Weather Forecasting Models: Long Range Colder Look Showing Up (Again)
The last couple of runs of the weather forecasting models have shown a progressively colder look beyond next week and into Thanksgiving week. Now let me be clear on a couple of things right off the bat. By colder look judging from what I’m seeing it would mean temperatures closer to normal. It does not mean a deep freeze..it does not mean that a snowstorm is in the cards. All we are doing here is looking at the developing model trends and trying to determine if (big IF) this is real and if it is sustainable. Im am not going to jump on the wholesale pattern change band wagon we see these trends continue for a few more days and we get inside the 7 day range. I will say that this does have my interest and my eyebrows are raised.
This afternoon’s GFS and European weather model runs are definitely showing a colder look developing after next weekend though they seem to get there in different ways. The GFS today in fact looks much like the European did yesterday at day 10 but the two maps you see here are both from today’s run.
The European has a very blocky look to it with that strong blocking high over Greenland. The GFS does not have the blocky look though it does have strong ridges in the Atlantic and Pacific attempting to build across the top. The GFS has a trough in the middle. The European has much more of a split flow look to it with much weaker troughing. Both models open an alley way from Northern Canada which is a big change from the pattern we are in now It appears the models are splitting the vortex (for the time being) that has been sitting in Northern Alaska to Siberia.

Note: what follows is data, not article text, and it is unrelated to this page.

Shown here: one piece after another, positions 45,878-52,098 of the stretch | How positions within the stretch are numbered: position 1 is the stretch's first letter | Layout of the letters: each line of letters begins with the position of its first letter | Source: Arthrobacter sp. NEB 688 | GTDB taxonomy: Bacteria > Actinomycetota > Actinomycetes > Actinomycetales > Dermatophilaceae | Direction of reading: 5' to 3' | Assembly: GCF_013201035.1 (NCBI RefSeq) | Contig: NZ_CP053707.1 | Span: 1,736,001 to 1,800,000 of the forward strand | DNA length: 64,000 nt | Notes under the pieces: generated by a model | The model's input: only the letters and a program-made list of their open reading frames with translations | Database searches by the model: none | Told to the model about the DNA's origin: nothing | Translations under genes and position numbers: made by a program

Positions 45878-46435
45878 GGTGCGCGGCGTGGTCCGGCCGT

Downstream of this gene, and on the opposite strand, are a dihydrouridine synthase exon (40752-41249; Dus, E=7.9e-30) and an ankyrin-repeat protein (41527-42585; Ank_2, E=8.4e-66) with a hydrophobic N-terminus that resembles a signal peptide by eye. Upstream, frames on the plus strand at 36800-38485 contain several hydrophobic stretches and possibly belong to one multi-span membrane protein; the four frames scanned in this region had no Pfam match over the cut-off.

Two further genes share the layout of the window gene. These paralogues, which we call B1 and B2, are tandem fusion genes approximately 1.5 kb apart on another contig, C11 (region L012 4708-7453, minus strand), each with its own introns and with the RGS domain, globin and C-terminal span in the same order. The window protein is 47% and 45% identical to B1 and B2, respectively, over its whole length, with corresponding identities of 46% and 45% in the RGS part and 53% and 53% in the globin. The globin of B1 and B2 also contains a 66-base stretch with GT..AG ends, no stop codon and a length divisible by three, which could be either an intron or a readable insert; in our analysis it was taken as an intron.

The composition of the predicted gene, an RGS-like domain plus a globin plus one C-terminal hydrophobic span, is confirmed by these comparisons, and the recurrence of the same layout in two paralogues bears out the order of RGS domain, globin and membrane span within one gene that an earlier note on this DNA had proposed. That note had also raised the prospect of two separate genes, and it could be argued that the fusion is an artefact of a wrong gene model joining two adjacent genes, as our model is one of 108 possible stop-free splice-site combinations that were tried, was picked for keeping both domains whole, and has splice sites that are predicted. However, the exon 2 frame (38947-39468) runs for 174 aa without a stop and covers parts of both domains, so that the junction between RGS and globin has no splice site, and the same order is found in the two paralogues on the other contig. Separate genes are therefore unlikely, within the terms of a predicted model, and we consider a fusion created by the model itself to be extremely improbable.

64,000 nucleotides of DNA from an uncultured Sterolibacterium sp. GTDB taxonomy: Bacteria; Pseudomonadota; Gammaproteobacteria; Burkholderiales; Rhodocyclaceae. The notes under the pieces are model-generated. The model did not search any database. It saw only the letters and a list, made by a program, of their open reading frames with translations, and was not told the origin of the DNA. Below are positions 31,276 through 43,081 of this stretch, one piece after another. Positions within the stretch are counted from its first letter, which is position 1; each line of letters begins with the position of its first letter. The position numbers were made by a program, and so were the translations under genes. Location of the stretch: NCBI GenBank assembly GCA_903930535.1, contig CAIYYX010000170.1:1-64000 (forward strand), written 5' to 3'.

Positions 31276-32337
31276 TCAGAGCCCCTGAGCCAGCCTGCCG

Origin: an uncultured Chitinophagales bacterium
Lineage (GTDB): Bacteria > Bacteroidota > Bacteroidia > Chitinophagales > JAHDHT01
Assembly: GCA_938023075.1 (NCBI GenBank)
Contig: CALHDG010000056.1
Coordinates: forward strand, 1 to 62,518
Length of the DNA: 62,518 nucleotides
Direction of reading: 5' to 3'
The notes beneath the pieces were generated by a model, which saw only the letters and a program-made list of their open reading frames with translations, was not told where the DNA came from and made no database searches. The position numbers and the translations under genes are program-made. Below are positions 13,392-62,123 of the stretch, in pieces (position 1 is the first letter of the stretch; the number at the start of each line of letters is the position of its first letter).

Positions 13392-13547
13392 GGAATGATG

This by the coincides with the North Atlantic Oscillation and the Atlantic Oscillation crashing from strongly positive to neutral/slightly negative in 10 days. The issue beyond 10 days is that many of ensembles go back positive on both indexes. This would lend support to the idea that this pattern shift…if it occurs…will be transitory in nature. My own feeling remains skeptical over all on both the pattern realignment and whether it is something that is going to stick around for awhile.
Now just to make this all very interesting is the Canadian model which has some evidence of blocking with a trough further west and more ridging in the east but not a crazy ridge like we are going to see early next week here in the east. The vortex in northwest Canada is still here on the Canadian. It appears a split is underway but that it takes longer to get there.
Weather forecasting models as always will take us on another adventure tonight so I will be there to hold everyone’s hand. In the meantime back to normal this weekend, then above normal for most of next week with the next chance of showers on Thursday.
Meanwhile here is the latest from FiOS1 News Meteorologist Brian Fitzgerald with regards to the weekend forecast